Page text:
A drought is an extended period of months or years when a region notes a deficiency in its water supply. Generally, this occurs when a region receives consistently below average precipitation. It can have a substantial impact on the ecosystem and agriculture of the affected region. Although droughts can persist for several years, even a short, intense drought can cause significant damage and harm the local economy.
Types of Drought
1. Meteorological Drought
Meteorological drought is the amount of dryness and the duration of the dry period. Atmospheric conditions that result in deficiencies of precipitation change from area to area.
2. Agricultural Drought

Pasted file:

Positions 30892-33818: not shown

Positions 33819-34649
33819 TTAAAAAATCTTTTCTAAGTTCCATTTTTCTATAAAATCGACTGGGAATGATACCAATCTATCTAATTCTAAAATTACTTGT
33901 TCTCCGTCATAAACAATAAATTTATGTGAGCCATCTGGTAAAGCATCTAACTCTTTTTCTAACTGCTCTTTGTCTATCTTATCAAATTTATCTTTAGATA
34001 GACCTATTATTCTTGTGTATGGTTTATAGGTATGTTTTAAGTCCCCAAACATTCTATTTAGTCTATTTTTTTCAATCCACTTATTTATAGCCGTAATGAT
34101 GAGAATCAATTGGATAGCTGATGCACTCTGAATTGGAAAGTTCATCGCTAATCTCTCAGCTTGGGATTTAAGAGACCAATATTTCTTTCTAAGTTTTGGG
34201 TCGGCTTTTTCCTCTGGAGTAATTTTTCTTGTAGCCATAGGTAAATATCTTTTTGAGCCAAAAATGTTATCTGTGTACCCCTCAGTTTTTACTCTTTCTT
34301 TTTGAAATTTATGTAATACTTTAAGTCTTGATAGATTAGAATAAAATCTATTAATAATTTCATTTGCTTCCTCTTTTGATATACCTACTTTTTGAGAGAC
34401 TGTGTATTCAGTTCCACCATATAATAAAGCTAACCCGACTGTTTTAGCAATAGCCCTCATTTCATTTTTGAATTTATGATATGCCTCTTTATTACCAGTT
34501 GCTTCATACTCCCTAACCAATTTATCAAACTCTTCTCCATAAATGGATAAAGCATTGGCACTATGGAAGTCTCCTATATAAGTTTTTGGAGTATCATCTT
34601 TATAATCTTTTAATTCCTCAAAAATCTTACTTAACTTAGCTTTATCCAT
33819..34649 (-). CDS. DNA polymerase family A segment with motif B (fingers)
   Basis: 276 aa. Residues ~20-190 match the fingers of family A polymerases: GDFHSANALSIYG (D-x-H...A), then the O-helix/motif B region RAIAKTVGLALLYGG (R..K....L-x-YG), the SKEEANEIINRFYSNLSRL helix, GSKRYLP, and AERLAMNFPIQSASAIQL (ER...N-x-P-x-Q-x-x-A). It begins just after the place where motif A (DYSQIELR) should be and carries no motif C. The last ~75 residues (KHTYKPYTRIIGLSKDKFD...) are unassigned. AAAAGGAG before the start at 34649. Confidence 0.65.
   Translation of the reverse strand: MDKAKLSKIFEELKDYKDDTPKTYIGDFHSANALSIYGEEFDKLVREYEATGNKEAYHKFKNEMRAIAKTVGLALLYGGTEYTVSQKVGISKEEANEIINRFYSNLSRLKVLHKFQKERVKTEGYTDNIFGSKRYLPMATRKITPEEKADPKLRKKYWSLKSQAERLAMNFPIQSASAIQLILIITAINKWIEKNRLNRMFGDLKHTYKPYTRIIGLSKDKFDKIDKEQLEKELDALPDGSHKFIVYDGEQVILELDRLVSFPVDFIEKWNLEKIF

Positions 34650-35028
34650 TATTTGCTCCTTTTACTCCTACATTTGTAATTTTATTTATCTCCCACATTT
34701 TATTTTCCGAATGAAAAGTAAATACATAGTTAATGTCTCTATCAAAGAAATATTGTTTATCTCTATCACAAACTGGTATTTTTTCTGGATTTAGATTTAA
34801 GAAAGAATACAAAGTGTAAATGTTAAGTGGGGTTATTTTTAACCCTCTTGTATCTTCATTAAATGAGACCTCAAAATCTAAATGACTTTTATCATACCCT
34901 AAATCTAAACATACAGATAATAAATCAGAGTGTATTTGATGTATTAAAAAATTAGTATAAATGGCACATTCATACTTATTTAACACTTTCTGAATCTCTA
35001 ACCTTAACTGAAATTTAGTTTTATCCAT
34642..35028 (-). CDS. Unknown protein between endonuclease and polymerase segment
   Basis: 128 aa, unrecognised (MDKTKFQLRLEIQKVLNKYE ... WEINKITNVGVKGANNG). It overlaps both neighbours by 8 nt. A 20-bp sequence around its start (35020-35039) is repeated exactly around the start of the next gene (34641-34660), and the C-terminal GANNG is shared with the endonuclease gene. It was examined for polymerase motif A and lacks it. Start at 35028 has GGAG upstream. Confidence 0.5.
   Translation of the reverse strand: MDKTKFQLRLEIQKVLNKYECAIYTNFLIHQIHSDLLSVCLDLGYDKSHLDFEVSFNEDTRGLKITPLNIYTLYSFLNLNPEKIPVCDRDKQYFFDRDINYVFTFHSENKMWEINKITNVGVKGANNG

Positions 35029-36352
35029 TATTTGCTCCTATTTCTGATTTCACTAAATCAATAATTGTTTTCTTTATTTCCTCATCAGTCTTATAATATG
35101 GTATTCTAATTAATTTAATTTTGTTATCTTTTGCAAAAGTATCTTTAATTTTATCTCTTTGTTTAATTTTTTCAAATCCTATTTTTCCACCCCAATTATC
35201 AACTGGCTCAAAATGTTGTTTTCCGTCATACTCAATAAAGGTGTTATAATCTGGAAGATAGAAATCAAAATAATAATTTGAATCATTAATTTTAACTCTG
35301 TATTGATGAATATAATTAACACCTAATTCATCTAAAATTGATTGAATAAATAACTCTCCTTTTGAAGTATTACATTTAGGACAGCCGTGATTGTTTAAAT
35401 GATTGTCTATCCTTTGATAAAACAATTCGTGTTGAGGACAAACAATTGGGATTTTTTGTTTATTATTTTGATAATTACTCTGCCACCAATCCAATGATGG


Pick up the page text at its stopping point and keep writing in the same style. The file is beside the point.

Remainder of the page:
Agricultural drought mainly effects food production and farming. Agricultural drought and precipitation shortages bring soil water deficits, reduced ground water or reservoir levels, and so on. Deficient topsoil moisture at planting may stop germination, leading to low plant populations.
3. Hydrological Drought
Hydrological drought is associated with the effects of periods of precipitation shortages on water supply. Water in hydrologic storage systems such as reservoirs and rivers are often used for multiple purposes such as flood control, irrigation, recreation, navigation, hydropower, and wildlife habitat. Competition for water in these storage systems escalates during drought and conflicts between water users increase significantly.
4. Socioeconomic Drought
Socioeconomic drought occurs when the demand for an economic good exceeds supply as a result of a weather-related shortfall in water supply.